published Saturday, February 15th, 2014

Ancient dog burial site found in Mexico City

This Jan. 17, 2014, image released by Mexico's National Institute of Anthropology and History, INAH), Friday, Feb. 14, 2014, shows canine skeletons unearthed by investigators in Mexico City.
This Jan. 17, 2014, image released by Mexico's National Institute of Anthropology and History, INAH), Friday, Feb. 14, 2014, shows canine skeletons unearthed by investigators in Mexico City.
Photo by Associated Press /Chattanooga Times Free Press.

MEXICO CITY — Archaeologists say they have discovered "an exceptional" burial site under an apartment building in Mexico City containing the remains of 12 dogs, animals that had a major religious and symbolic significance to the Aztec peoples of central Mexico.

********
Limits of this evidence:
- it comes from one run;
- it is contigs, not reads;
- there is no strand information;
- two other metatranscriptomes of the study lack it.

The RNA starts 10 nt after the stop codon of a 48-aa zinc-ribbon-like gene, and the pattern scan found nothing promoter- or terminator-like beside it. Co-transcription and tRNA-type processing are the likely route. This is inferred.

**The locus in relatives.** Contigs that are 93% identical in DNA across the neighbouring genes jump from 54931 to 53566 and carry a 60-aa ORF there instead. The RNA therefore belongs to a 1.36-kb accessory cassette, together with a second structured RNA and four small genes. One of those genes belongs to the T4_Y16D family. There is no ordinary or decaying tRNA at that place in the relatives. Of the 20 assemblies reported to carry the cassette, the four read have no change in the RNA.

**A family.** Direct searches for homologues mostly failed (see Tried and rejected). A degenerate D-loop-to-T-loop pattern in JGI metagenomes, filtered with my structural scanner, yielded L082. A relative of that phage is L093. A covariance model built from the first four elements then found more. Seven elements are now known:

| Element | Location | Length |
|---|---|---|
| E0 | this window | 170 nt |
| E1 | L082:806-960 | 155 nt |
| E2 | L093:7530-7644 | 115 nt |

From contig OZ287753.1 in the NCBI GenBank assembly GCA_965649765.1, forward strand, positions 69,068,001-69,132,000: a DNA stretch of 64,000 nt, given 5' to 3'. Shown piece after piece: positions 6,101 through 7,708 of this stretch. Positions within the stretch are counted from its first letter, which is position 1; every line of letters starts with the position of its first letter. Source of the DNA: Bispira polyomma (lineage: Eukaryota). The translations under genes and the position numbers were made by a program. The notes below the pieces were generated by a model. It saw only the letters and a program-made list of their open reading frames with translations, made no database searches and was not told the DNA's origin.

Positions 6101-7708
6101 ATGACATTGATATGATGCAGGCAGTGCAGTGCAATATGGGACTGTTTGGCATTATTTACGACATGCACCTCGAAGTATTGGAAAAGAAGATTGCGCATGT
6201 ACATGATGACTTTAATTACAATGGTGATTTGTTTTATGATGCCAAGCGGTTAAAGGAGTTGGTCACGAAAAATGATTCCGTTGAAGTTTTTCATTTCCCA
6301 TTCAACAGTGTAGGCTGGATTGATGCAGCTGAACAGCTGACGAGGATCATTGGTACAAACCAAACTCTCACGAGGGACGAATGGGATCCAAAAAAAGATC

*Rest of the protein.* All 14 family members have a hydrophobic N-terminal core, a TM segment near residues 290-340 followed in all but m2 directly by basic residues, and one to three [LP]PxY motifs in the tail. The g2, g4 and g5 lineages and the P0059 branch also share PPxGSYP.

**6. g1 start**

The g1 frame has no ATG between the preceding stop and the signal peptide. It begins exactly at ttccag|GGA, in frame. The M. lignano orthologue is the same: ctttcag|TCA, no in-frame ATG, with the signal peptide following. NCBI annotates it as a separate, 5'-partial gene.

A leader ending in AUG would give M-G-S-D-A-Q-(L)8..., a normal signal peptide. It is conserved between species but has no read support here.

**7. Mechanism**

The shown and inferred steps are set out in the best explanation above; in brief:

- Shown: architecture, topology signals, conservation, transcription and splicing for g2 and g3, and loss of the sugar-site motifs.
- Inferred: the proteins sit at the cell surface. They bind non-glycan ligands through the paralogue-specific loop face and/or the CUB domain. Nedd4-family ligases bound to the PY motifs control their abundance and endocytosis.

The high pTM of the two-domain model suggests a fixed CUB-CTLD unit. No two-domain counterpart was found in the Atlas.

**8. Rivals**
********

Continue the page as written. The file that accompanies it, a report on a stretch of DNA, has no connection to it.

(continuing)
Experts with Mexico's National Institute of Anthropology and History, or INAH, said in a statement Friday that this is the first time a group of dogs has been found buried together. They have been found accompanying human remains or as part of an offering in a monument.

Aztecs believed dogs could guide human souls into a new life after death on earth.

Archaeologist Rocio Sanchez says the dogs were buried in a small pit between 1350 a 1520 A.D., the heyday of the Aztec empire.

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